Tara Maitra, TiVo’s senior vice president and general manager for content and media sales, talked to Consumer Electronics Daily (CED) about advertising during the recent Digital Hollywood event in NYC. She said that TiVo needs to approach 10 million subscribers before advertising becomes a “meaningful” business for TiVo. By way of comparison, as of December 31st TiVo had 2.2 million subscribers, an increase of 200,000 from the previous year. These subscribers don’t have to be ‘TiVo owned’, as TiVo handles advertising sales for several MSOs who use their platform, such as Charter Communications, RCN, Suddenlink, and Grande Communications. And as their deal with Comcast involves support of retail units, those subscribers will be TiVo-owned, and so TiVo will naturally be handling advertising on those units.
Note that TiVo’s major MSO partners in Europe, Virgin Media and ONO, handle their own advertising sales and thus will not count toward that ten million subscriber target. Nor does it include the “TiVo Design” Insignia Connected TV’s sold by Best Buy, at least not at this time. Maitra did point out, however, that TiVo’s recent deal to bring their platform to Pace hardware does include an advertising component. So that deal may open up new MSO markets for TiVo.
In the meantime TiVo does still sell advertising, of course. It seems it must be somewhat successful for customers as Maitra stated that over 50% of TiVo’s ad buyers are repeat customers. TiVo users are probably familiar with these ads. They may be seen on the screen that pops up at the end of a recording, at the bottom of a program group in the Now Playing List, or on the main ‘TiVo Central’ menu screen. TiVo also has had other ad options, such as static ‘billboard’ ads that overlay a commercial for the same product if the commercial is being fast forwarded. TiVo seems to have a working formula for advertisers, now they just need to bring the numbers up to create a more attractive market.
“We used to hear all kinds of things from advertisers and agencies about pricing,” Maitra said. “I feel that we have gotten it all right except that they just want more homes. Now we have at least satisfied the trajectory and growth requirements. We have priced the advertising for the number of homes that TiVo is in and it’s working, but none wanted to invest in something that they didn’t have confidence would be a growth platform.”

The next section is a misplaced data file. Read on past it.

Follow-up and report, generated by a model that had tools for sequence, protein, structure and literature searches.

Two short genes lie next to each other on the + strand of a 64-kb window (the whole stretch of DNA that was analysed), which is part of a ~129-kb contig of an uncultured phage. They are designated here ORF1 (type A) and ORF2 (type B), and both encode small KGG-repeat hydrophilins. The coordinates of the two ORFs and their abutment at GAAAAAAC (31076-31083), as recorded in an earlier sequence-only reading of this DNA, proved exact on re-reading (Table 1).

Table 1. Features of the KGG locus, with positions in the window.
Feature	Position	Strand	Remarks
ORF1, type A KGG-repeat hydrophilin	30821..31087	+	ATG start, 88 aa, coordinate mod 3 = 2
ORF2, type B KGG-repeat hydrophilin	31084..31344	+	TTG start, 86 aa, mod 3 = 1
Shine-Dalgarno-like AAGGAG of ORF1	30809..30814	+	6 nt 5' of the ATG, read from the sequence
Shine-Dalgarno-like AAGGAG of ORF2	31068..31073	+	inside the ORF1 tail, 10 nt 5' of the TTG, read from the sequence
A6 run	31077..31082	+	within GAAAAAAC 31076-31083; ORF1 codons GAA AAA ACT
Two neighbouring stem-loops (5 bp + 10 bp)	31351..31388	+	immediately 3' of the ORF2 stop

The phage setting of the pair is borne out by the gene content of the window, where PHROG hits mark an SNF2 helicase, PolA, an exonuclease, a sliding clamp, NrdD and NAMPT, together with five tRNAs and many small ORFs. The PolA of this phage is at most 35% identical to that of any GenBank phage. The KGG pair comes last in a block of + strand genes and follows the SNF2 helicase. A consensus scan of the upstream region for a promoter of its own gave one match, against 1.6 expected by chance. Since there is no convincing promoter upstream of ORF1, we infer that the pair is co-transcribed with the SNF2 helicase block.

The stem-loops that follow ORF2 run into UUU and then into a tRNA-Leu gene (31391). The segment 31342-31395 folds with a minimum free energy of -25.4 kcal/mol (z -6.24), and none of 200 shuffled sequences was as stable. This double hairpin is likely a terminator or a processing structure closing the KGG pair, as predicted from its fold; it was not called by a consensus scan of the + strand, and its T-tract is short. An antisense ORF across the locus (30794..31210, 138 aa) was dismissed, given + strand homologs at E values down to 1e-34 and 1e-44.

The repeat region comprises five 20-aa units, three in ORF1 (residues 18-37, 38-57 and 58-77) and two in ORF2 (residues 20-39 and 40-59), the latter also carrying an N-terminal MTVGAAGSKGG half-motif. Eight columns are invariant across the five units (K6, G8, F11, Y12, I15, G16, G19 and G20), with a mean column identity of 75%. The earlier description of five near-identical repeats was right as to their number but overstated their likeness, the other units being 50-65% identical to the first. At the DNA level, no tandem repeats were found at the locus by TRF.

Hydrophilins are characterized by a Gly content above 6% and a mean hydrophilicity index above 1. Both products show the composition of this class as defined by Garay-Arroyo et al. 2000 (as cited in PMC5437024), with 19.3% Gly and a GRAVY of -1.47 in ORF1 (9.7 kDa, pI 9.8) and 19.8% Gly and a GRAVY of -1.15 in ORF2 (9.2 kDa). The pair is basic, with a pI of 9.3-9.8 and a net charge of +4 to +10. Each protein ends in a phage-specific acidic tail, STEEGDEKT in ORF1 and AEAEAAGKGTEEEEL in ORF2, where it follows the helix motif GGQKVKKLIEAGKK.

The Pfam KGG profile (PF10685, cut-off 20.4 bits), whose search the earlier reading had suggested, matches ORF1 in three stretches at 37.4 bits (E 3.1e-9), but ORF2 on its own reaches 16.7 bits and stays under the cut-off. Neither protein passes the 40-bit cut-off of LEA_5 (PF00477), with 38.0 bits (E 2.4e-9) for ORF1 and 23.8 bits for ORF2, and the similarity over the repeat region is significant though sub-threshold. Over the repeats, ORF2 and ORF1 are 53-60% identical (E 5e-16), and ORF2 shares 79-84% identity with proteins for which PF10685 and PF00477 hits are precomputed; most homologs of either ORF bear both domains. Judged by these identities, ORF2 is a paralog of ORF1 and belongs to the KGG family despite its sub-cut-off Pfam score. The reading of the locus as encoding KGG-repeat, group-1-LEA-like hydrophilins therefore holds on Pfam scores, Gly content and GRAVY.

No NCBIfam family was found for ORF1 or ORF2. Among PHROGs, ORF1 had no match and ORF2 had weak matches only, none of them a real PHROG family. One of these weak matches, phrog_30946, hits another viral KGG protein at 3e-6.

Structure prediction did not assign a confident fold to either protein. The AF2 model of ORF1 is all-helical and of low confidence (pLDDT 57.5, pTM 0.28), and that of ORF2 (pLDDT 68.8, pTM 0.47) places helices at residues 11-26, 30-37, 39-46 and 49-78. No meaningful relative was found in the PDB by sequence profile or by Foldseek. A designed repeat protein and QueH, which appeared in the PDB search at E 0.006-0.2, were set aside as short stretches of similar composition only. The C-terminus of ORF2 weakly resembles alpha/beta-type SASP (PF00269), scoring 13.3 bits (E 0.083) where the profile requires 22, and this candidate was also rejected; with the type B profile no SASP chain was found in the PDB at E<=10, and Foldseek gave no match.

CED also spoke with Thomas McMillin, Chief Operating Office for Suddenlink, one of the MSOs currently distributing TiVo DVRs directly to their customers. McMillin had some good news, and some bad news. First, the good news; Suddenlink serves 1.37 million homes and TiVo is available to customers in 70% of their markets, and it should be in 90% of their markets by year end. But he bad news is they currently have only 20,000 TiVo units deployed, in 10,000 homes. Yes, clearly some homes have multiple units.
Suddenlink is taking a “conversative” approach to marketing TiVo to their customers, positioning it as a premium upgrade from their standard HD DVR. Suddenlink charges a $15 monthly fee for TiVo and requires that customers have broadband with a minimum speed of 10Mbps. All told they have HD DVRs, TiVo included, in 47.7% of their customers’ homes. Doing some back-of-the-envelope math that means 653,490 homes with HD DVRs, 643,490 of which are not TiVo households.
The main reason for the soft sell on TiVo seems to be their existing stock of non-TiVo HD DVRs. They don’t want to be “stuck with” them if they were to more aggressively push TiVo. That does leave a ray of sunshine though. Hardware has a finite usable life, and that stock of non-TiVo HD DVRs will eventually be exhausted and begin to wear out and need replacing. If TiVo can position themselves as that replacement they’d have a slow but steady market by attrition.